Why i am asking all this is because its always hard to switch on to something new and start from scratchwhen you are into it for more than 2 yrs
Objection. I'm into C since 1984 now, into C++ since 1991, and I have been using MFC during the last 12 years. However, in my current project I use C# and the .NET 2.0 Framework (although it's still in Beta and will only be released two weeks from now), and we're already heading towards C#/.NET 3.0 / WinFX (WPF aka "Avalon", WCF aka "Indigo" etc.). So although I'm really deeply "into" MFC and it has been my favourite framework for writing GUI code on a daily basis for many years, when starting a new GUI app today I would never look back to MFC.
In the IT world, you have to be flexible and willing to learn new technologies and paradigms every few years. You also have to understand when an era ends...
I know, these might be critical statements in a VC++ / MFC forum. Again, I'm far from saying that MFC is dead. MFC code will still be around for a very long time, the MFC library itself is being developed further, and there will always be a need for developers proficient in C++ and MFC. But your career chances will be far better if you additionally embrace new technologies instead of ignoring them. Besides that, and as said elsewhere: The entire managed / unmanaged interop story is becoming more and more important, so being an expert in both worlds is a very good idea IMO.
Please tell me one last thing gstercken. Do you accept that Win32 with MFC is the strongest kind of programming technique available and is even more powerful than .NET or anything else today?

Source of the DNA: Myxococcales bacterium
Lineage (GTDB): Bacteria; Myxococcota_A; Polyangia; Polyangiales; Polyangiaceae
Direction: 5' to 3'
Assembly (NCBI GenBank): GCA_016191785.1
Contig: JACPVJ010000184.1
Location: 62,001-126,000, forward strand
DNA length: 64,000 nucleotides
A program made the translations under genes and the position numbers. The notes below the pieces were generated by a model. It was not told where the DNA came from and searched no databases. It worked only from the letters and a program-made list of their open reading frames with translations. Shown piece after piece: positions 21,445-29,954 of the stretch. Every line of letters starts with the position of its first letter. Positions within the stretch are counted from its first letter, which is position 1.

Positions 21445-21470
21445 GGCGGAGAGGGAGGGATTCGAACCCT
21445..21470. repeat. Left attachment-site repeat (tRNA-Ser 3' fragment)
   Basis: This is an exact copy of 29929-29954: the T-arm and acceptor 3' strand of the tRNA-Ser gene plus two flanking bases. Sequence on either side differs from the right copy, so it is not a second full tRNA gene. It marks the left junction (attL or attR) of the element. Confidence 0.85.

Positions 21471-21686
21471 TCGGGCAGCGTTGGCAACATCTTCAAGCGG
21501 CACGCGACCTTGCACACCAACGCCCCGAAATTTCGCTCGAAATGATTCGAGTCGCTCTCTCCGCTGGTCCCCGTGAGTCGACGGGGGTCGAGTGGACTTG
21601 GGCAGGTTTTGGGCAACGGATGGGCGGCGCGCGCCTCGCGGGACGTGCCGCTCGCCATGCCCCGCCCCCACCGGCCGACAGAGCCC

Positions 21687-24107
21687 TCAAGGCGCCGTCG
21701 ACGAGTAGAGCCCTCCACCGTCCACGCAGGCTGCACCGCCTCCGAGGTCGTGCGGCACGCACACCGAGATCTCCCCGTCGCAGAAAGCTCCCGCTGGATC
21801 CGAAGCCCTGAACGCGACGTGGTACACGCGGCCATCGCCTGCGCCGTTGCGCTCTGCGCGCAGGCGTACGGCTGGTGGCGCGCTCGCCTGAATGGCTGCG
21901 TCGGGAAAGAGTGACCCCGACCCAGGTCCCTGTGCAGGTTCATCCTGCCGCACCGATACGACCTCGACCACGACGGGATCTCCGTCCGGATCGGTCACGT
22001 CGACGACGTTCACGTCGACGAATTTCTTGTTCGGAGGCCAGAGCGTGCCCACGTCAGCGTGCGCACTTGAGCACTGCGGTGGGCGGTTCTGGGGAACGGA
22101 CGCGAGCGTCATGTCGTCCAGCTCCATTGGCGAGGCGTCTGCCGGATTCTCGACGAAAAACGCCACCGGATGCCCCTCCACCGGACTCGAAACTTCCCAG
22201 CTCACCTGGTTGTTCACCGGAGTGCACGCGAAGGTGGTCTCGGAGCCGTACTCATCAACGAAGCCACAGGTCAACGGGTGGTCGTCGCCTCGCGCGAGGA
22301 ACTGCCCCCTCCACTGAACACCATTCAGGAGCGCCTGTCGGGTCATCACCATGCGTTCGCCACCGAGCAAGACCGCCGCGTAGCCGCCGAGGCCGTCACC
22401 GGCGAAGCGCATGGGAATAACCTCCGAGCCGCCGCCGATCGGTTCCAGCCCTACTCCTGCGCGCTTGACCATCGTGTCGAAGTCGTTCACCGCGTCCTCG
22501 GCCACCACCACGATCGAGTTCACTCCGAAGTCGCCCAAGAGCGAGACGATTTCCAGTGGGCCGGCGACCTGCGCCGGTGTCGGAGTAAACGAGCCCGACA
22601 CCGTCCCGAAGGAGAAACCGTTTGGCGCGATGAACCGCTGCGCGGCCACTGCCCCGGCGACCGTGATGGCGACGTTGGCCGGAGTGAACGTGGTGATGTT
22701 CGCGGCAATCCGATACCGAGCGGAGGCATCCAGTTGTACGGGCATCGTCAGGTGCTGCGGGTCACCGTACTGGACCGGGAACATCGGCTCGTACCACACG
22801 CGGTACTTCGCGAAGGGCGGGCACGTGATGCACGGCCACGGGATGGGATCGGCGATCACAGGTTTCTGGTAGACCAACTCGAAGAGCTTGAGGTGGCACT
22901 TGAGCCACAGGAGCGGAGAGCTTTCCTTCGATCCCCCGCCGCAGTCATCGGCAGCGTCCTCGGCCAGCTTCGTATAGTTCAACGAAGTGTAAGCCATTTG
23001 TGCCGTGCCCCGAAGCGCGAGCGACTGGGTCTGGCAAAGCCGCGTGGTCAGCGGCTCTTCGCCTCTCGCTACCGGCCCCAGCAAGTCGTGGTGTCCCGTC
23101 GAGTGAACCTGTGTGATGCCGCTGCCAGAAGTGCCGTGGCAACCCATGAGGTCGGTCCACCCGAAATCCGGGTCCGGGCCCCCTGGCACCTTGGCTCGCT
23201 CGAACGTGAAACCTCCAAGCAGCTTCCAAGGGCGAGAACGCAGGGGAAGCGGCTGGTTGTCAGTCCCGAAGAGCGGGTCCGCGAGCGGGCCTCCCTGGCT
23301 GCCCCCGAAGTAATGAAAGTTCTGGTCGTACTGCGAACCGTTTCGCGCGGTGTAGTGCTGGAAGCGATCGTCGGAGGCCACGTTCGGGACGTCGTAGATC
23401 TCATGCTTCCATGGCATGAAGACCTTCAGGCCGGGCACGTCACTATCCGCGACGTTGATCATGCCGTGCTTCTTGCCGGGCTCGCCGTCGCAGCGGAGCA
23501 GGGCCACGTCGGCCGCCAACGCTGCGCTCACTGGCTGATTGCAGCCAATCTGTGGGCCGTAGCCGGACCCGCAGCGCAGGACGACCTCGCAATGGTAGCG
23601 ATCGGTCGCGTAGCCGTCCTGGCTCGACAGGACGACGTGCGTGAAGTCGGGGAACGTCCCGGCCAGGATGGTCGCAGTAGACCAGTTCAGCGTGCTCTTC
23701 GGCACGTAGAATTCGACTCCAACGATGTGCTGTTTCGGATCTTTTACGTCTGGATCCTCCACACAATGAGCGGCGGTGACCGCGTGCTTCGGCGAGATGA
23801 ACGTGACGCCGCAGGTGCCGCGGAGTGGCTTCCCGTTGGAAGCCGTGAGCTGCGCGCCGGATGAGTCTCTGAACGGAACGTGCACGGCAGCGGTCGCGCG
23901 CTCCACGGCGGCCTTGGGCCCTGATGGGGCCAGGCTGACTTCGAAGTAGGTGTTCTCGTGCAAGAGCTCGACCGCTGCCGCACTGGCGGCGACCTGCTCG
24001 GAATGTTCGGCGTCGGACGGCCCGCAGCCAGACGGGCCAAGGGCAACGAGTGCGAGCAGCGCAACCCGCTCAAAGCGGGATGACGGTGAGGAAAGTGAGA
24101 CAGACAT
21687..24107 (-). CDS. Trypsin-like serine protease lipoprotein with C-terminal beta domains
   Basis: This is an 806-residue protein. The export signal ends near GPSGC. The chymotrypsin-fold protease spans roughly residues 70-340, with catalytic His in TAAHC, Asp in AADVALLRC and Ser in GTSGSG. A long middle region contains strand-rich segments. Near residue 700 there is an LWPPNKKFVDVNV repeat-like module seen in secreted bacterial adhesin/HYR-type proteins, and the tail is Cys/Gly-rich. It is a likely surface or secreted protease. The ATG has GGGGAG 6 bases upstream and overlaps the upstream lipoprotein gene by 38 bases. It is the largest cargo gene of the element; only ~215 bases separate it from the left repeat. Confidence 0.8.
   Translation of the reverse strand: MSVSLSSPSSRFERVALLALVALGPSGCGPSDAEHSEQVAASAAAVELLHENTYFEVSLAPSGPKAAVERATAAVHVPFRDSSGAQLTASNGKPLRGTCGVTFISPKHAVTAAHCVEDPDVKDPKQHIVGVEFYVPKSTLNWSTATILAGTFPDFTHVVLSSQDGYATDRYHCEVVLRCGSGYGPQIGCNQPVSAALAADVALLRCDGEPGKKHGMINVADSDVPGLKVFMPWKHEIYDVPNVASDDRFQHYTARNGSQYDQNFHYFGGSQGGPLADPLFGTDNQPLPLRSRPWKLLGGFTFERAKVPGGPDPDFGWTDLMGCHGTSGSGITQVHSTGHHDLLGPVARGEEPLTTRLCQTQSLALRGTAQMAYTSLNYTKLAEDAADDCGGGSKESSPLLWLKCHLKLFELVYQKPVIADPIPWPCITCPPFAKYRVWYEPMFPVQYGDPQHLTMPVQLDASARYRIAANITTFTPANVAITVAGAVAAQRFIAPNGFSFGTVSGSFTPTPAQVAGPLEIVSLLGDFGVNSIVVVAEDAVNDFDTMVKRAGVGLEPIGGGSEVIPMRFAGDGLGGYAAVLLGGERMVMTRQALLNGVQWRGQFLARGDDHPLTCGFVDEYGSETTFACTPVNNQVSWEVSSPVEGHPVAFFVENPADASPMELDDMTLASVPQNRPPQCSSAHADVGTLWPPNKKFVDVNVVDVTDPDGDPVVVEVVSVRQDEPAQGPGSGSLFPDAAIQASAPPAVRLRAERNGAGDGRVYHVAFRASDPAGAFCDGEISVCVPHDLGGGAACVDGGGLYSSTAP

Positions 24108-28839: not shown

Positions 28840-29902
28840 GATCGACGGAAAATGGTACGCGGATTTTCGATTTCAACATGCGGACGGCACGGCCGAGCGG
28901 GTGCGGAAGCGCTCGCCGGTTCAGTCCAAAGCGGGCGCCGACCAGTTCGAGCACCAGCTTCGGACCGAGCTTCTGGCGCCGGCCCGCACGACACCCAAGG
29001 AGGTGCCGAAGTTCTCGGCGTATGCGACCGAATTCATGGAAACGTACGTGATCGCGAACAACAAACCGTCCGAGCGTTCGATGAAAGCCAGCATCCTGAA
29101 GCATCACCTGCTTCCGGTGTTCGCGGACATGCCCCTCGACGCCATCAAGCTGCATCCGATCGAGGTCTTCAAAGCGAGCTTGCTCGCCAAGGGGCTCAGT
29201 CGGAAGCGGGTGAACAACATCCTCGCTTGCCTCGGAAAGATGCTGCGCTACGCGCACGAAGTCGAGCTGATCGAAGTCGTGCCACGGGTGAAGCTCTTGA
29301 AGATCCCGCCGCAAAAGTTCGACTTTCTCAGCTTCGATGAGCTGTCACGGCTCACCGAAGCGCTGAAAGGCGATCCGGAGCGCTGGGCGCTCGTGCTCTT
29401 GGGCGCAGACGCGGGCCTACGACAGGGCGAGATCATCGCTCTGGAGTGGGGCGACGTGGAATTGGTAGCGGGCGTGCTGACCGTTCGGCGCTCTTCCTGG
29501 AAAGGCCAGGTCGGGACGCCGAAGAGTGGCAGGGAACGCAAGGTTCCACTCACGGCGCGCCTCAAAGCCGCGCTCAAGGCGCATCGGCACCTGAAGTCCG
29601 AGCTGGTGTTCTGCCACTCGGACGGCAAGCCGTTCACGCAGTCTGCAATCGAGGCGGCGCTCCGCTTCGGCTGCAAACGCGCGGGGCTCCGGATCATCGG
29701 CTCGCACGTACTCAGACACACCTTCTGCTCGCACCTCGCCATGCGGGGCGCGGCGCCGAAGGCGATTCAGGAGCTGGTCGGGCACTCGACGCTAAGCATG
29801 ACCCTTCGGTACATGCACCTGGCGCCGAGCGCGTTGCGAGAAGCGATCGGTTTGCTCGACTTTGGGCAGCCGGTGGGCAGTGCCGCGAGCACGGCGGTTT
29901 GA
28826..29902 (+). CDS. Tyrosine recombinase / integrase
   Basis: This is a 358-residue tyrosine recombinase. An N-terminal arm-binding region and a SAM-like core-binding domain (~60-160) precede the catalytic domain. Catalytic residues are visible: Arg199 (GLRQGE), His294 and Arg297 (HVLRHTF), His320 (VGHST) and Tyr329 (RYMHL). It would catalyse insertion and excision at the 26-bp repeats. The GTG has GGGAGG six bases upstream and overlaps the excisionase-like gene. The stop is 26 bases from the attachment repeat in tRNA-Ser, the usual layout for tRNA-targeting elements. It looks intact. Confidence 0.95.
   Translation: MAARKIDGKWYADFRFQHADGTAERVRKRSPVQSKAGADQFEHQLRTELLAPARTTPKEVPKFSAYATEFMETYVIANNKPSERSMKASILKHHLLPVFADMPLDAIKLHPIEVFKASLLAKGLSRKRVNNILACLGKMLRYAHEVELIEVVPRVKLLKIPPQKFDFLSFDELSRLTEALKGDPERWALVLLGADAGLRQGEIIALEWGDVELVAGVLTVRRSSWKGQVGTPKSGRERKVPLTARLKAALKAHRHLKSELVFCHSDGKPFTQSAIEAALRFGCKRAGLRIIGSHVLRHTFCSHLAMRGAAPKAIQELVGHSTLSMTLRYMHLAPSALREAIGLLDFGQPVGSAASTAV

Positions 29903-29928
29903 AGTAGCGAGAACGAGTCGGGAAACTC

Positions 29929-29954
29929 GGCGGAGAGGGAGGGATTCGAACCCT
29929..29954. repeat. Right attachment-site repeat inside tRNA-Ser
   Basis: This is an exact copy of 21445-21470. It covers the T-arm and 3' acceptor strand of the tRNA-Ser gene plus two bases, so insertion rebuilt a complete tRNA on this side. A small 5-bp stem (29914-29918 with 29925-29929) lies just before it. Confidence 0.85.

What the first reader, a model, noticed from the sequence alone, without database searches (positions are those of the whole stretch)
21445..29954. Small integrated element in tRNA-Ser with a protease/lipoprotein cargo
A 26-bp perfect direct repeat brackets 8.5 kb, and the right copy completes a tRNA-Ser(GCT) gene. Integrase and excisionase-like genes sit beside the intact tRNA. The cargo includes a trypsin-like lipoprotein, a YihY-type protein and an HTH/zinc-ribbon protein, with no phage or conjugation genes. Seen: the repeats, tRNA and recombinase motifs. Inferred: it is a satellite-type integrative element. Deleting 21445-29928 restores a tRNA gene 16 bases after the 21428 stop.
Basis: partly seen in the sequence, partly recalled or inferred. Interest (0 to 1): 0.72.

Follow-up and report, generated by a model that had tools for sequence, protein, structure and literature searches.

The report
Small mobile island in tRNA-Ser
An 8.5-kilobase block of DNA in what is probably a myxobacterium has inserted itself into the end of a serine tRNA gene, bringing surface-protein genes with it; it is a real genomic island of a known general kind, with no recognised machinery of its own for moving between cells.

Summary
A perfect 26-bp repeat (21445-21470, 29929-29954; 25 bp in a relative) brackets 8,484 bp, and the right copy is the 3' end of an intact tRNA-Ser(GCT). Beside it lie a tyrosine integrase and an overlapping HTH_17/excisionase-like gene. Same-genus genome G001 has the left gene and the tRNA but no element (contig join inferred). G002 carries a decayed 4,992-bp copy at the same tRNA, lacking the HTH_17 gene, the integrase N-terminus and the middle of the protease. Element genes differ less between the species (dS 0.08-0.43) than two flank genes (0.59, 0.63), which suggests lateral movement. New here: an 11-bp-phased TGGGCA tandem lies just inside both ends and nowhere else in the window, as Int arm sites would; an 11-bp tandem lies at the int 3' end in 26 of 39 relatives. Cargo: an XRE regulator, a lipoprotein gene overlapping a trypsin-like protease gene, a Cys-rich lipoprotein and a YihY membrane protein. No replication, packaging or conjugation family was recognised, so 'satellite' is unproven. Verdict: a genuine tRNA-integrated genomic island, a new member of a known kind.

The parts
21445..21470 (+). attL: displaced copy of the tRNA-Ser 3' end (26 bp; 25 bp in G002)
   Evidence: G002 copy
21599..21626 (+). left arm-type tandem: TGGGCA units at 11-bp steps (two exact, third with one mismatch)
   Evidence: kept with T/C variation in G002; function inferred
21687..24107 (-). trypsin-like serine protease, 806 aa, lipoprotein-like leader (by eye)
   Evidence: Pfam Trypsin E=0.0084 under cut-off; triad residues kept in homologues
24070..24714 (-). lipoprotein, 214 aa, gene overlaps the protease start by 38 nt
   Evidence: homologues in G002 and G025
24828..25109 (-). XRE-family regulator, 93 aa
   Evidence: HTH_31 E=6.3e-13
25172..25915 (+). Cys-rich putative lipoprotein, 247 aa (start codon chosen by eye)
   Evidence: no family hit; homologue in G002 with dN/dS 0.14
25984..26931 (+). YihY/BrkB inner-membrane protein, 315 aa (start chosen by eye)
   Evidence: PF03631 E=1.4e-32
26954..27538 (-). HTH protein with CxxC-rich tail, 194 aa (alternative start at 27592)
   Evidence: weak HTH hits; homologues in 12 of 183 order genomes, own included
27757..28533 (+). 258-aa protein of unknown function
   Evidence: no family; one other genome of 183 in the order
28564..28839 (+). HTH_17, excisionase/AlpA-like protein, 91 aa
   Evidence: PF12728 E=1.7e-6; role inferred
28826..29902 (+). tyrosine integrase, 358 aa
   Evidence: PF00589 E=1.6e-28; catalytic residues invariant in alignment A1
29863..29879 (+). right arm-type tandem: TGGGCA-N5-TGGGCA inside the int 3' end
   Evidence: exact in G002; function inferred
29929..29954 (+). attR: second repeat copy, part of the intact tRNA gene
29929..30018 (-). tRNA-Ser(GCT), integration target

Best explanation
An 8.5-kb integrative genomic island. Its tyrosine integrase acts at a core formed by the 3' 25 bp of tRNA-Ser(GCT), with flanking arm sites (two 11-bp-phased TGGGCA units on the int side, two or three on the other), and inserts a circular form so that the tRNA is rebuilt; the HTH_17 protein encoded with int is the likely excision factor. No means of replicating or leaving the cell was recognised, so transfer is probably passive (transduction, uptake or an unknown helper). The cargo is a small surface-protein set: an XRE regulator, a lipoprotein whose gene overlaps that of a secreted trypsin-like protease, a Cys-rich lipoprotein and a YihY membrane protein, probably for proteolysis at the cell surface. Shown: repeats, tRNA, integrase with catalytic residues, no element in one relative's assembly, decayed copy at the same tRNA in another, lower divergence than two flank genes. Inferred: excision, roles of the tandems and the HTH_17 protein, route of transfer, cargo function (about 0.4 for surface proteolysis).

It depends on what you mean by "strong" and "powerful". If that means "getting most work done in a highly productive way with least possible coding and risk of errors", then certainly not. If, OTOH, by "powerful" you mean the ability to write low-level code which deals directly with processor registers or implement your own memory manager, then C++ is certainly more "powerful" (although MFC won't help you much here either). Just wondering: When was the last time you actually had to do this kind of things?
Originally Posted by MrBeans
If so is it possible to combine Win32 with .NET like use an Win32 API to alter a control say in .NET.
Of course, that's what interop is all about. The most common ways to do this is to either use COM interfaces (which you can directly call from managed code) or to use C++ (which is currently the only high-level language that lets you mix managed and unmanaged code).
A few years ago, when all the world was talking about COM and ActiveX, I also adopted them (I had to, since projects at that time required it), although I have never been convinced of them. And although some of the concepts (especially the idea to use interfaces extensively) have survived and can be found in .NET today, diving so deep into that complex and clumsy technology has been a waste of time in the long run.
When the Java hype started, I luckily managed to get almost completely around it (the most important stuff I lately did with Java was porting Java apps back to C++ / MFC, because customers didn't want to see Java code any longer in their projects for various reasons).
However, C# (as a language) and .NET (both the CLR/CTS and managed code as a technology and the framework itself as a class library) feel completely different, and I predict them a great future. I'm really looking forward to reading these statements again 5-10 years from now... Let's see what the future brings!
As a little aside observation:
All successful and good (successful doesn't always mean good so "and" is mandatory) programming languages creators (e.g. Kernighan, Ritchie, and Stroustrup) had beard at the moment of creation.
The creator of C# had not.
Well, we'll see... maybe there are just statistics...